Volume 3 Supplement 1

Proceedings of the 2015 Australia and New Zealand Academy for Eating Disorders (ANZAED) Conference: Riding the Waves to Recovery

Open Access

A revised dual-pathway model for disordered eating: A longitudinal study

Journal of Eating Disorders20153(Suppl 1):O56

https://doi.org/10.1186/2050-2974-3-S1-O56

Published: 23 November 2015

Background

To date, relatively few researchers have developed and tested integrative etiological models for the full range of disordered eating behaviours, both clinical and subclinical. In addition, much of the research conducted in this area has been correlational; few studies have investigated disordered eating growth over time. Accordingly, the current research aims to replicate and extend the dual pathway model of bulimic pathology (Stice, 2001), which has helped inform the gold standard of prevention approaches for eating disorders among adult women, to the full range of disordered eating behaviours. This research will also examine a revised model which incorporates temperament: perfectionism, self-efficacy, emotion regulation, which has shown to be predominant in the development and maintenance of eating pathology.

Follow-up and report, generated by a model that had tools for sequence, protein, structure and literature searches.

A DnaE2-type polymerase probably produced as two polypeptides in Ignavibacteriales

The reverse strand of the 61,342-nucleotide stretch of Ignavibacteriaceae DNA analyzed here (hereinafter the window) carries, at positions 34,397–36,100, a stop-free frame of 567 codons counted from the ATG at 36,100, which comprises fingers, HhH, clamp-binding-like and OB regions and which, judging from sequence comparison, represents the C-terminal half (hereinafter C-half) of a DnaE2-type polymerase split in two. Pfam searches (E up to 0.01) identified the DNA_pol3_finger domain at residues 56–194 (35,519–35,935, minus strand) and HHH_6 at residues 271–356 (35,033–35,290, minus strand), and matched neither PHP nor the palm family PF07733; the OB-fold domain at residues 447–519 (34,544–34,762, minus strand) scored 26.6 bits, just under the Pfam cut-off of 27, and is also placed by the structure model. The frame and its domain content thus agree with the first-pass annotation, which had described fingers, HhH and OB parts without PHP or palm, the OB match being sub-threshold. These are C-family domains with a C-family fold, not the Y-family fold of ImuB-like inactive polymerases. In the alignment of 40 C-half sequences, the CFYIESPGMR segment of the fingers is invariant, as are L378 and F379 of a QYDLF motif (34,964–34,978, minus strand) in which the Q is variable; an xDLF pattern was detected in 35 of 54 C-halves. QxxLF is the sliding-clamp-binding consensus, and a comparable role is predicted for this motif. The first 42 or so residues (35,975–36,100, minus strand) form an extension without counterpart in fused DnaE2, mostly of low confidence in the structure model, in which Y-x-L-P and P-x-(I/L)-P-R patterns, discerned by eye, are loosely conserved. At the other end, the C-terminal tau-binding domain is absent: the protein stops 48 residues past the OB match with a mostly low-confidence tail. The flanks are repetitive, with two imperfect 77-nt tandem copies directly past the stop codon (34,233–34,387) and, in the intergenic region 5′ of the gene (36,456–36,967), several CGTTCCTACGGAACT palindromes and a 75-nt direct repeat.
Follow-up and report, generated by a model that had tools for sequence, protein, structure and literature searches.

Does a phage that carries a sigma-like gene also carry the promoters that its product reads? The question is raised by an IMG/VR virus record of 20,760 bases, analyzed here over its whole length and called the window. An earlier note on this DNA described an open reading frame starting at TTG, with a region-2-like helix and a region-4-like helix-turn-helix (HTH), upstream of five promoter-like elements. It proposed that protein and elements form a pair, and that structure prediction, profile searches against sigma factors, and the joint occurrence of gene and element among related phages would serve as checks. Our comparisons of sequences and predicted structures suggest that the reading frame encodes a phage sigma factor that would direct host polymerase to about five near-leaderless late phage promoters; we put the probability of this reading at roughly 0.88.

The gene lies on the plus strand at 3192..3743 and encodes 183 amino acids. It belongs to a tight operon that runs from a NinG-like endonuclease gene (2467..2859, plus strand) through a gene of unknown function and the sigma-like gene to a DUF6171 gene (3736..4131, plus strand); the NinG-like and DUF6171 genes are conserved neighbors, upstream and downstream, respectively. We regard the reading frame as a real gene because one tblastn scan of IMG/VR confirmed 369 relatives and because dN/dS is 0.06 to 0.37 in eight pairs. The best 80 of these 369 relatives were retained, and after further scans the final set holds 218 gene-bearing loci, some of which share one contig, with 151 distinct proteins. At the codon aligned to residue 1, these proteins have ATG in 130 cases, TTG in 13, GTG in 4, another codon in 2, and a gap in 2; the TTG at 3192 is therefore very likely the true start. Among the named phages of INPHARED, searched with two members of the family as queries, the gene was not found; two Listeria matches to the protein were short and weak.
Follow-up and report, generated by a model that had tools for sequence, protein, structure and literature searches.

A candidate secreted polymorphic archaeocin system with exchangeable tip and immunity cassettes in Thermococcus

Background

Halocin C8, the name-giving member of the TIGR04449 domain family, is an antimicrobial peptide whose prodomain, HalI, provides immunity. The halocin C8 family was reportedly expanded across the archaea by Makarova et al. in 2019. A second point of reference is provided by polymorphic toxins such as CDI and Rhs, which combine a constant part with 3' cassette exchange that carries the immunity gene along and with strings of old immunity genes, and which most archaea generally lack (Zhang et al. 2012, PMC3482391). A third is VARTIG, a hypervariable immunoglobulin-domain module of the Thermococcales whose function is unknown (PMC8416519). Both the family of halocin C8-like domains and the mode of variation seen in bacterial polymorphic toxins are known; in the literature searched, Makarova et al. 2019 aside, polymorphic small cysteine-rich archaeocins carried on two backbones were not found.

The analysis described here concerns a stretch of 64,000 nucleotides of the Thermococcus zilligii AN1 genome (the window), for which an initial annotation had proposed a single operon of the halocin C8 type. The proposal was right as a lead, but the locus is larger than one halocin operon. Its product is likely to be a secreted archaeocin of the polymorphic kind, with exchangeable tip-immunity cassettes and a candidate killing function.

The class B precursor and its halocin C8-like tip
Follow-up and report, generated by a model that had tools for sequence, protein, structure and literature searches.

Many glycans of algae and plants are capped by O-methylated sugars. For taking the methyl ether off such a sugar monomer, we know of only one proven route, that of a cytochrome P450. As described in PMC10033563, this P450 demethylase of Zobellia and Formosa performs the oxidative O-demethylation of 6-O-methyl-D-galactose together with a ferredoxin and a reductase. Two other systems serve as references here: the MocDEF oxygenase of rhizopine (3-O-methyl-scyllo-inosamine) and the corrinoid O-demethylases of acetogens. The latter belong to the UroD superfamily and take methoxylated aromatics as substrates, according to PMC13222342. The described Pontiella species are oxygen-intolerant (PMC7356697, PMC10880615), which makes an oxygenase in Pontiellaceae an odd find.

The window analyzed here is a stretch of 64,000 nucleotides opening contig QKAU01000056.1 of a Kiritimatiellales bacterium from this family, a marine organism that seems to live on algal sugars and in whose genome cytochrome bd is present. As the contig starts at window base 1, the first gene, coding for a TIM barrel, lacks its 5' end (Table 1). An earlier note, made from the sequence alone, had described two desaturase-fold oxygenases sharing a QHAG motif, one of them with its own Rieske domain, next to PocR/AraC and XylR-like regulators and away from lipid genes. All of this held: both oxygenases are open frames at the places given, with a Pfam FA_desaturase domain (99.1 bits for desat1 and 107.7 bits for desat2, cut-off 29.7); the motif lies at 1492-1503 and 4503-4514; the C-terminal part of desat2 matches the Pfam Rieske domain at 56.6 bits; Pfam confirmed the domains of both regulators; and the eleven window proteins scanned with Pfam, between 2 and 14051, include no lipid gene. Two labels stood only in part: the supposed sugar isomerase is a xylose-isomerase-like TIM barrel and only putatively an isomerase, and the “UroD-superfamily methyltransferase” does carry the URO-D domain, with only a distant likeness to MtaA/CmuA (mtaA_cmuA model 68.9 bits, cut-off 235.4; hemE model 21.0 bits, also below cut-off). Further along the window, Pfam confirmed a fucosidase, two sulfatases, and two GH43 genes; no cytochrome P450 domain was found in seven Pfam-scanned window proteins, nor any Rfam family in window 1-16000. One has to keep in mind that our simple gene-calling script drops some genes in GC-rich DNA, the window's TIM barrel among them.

Methods

Females aged 17-25 years were tested at baseline (N = 181), and at 6-month (N = 67) and 12-month follow-up (in progress). Final follow-up data for this sample will be available for analyses by the end of June 2015.

Results

Preliminary analyses from Time 1 (baseline) suggest a promising line of enquiry with the addition of temperament (e.g., perfectionism) within the dual pathway model. Findings from Time 1, Time 2, and Time 3 will be presented.

Conclusion

This study will add important insights to the eating disorder prevention literature and help to inform the development of approaches to prevention.

Authors’ Affiliations

(1)
Flinders University

Copyright

© Pennesi and Wade 2015

This article is published under license to BioMed Central Ltd. This is an Open Access article distributed under the terms of the Creative Commons Attribution License (http://creativecommons.org/licenses/by/4.0), which permits unrestricted use, distribution, and reproduction in any medium, provided the original work is properly cited. The Creative Commons Public Domain Dedication waiver (http://creativecommons.org/publicdomain/zero/1.0/) applies to the data made available in this article, unless otherwise stated.

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